Sydney of course is the best known of the lot, for the stunning Sydney Opera House which does not require an introduction; and the Sydney Harbour Bridge, which you can climb in order to catch a breathtaking view of the marble-white Opera House against the sparkling dark waters of the vast ocean. A city that never sleeps, Sydney can dish up any cuisine you fancy, from Greek and Lebanese to Indian or Japanese, a legacy of its immigrated population. This gorgeous capital of New South Wales dazzles with its beaches, water and land transport, exquisite hinterlands and a whole host of eateries that serve rich wines and all other manner of liquor.

Also famous for its award-winning epicurean delights and elite dining precincts is Melbourne, the trend setting city: it sets the style for lifestyle, food and fashion for the rest of Australia. It is a clotheshorse’s delight. Designers who retail here include the likes of Collette Dinnigan, Akira Isogawa, Lisa Ho, Jodie Boffa and Robert Burton, to name but a few, who fashion a varied range of clothes for men and women. There are also clothing artists who capture the spirit of Australia, like Ken Done and Jenny Kee. Melbourne is also renowned for its arts scene, with hosts of private galleries, theaters, the NGV International – the National Gallery of Victoria’s headquarters and the Federation Square where art, architecture and events meet at a unique public space. Those who have been to the recent Commonwealth Games held in the city vouch for its hospitality, its friendly people its spreads of food and wine, and how cuisine here is made fashionable by the avant-garde chefs.

Or you could choose to experience a laid back outdoors life style in Brisbane, gorge on exotic sea food platters, check out the weekend markets at Riverside, South Bank, and Fortitude Valley and absorb the gregarious street theater and live music scattered across the city. Brisbane has a lot of adventure to offer, and you can explore Moreton Bay with its 155 islands. Alternatively, head over to Perth, and enjoy its sophisticated, picturesque beauty. Visit the famous Kings park with its 400 acres of green, or sample the wines at Swan Valley. You could drive down to the Cottesloe Beach for street food or up to Subiaco for a formal dinner.

Adelaide is another must-see. Steeped in art and culture, the Adelaide Festival of Arts and the Fringe Festival, among a host of other dos, keeps the arts scene in the city bubbling with energy. Make sure you shop till you drop for artifacts in stone, leather and metal, because galleries like JamFactory Contemporary Craft and Design, Metal and Stone and Gray Street Workshop are simply irresistible. The city has charming examples of architecture, which you can admire when on a drive, and for the more active, on a walk. It is also famous for its fresh farm produce, grown at the Adelaide hills and sold at the Central Market, where one can have a scrumptious breakfast. Other hot urban destinations include the capital of Australia, Canberra, and cities like Darwin and Cairns which can be fun to explore under the hot Australian sun, and the balmy, starry nights.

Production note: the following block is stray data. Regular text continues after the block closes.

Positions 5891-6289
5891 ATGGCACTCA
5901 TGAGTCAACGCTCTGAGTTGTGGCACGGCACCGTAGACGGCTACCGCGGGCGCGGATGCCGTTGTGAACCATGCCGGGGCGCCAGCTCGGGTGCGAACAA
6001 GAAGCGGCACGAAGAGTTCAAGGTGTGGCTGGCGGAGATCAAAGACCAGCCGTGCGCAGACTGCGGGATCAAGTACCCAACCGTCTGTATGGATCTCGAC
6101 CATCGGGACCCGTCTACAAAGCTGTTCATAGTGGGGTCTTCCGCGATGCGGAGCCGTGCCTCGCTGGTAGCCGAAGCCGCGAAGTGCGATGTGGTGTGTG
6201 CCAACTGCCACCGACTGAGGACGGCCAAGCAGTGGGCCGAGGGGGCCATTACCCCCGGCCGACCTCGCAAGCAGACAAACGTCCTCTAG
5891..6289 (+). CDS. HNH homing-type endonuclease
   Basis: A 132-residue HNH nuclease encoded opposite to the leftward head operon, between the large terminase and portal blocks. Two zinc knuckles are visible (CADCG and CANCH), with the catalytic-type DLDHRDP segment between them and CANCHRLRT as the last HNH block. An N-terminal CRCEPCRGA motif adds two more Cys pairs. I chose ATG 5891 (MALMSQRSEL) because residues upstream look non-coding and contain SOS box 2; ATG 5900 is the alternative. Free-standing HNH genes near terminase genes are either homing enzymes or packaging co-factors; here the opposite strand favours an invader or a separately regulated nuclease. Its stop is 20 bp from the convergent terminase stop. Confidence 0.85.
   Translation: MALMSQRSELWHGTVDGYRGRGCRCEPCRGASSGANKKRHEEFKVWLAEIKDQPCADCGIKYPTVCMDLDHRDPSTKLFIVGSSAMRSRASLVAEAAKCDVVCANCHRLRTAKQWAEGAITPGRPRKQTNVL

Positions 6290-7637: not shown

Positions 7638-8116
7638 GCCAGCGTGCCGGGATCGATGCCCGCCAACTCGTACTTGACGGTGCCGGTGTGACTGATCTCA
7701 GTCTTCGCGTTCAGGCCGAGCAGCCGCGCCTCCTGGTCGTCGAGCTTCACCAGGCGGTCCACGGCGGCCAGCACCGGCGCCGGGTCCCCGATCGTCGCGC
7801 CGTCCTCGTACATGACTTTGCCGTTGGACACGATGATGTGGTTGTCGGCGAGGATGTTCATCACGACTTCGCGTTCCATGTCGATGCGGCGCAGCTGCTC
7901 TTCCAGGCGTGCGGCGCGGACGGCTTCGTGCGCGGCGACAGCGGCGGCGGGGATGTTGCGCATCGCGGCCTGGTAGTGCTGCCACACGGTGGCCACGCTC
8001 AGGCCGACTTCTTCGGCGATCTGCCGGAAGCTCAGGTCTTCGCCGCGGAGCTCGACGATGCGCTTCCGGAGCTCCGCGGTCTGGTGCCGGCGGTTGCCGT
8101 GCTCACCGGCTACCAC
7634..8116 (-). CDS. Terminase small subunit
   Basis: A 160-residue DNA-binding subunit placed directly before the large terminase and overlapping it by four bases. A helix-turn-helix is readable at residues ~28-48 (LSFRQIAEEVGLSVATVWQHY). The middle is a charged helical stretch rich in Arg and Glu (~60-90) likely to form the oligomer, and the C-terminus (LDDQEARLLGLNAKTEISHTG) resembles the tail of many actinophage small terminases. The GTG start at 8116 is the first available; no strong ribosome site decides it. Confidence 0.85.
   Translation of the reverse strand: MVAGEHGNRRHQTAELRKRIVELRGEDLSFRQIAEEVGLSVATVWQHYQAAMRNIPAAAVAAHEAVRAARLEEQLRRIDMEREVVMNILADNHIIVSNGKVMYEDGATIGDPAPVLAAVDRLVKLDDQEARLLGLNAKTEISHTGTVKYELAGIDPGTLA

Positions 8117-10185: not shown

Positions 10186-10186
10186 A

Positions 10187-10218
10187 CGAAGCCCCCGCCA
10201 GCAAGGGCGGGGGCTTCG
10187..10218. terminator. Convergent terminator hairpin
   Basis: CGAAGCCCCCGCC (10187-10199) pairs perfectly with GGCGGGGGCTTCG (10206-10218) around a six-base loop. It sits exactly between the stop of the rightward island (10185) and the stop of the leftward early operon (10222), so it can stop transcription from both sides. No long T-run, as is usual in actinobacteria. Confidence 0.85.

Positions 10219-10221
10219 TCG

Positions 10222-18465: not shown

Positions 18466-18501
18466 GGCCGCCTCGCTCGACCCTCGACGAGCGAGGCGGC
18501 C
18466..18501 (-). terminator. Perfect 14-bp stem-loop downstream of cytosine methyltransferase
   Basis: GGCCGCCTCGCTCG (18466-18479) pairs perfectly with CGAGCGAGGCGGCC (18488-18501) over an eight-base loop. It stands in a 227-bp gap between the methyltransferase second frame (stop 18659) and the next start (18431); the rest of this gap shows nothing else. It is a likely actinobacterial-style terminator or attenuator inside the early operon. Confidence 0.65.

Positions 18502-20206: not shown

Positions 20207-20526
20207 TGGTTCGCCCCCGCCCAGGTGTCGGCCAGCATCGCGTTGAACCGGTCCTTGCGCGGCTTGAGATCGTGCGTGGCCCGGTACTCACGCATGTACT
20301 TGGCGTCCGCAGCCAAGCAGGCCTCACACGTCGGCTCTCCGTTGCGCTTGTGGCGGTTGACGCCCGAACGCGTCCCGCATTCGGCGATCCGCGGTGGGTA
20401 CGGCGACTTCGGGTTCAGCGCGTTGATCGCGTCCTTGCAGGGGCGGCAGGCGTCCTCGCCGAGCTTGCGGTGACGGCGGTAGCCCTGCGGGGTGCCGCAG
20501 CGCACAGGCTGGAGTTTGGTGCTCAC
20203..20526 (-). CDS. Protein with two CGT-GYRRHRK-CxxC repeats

Places to stay

Australia is very well geared towards tourists with different budgets, from camping caravans and bed and breakfasts to resorts and five-star hotels and the entire range in between, which can be pre-arranged as part of travel packages or individually chosen as you blaze your own trail.

5-star hotels are for those who like to travel in luxury and will spare no expenses in order to have the best the market has to offer. From excellent furnishings to dining services and every modern convenience imaginable are all available for a price in these hotels. These are specially suitable for you if you want to make a particular city your headquarters and take short trips around it for adventure and exploration, combined with lots of shopping, good dining and exceptional night-life experiences.

4 to 4 1/2 stars are also good as great quality establishments at an affordable price, and also come as parts of great travel packages at reasonable rates. Serviced apartments and resorts are often a good idea in this category, as they are usually located in areas outside major cities and are closer to natural locations, and offer an experience that is part of the entire ambience of the place: you can enjoy a poolside drink, cool off at your own private beach-front, relax at spas, or enjoy a barbecue as the night around you comes to life. You can even find well-equipped single or double-storey cottages, with great furnishings, wood-burning stoves and up-to-date kitchens that provide great views, or opportunities to watch the local fauna.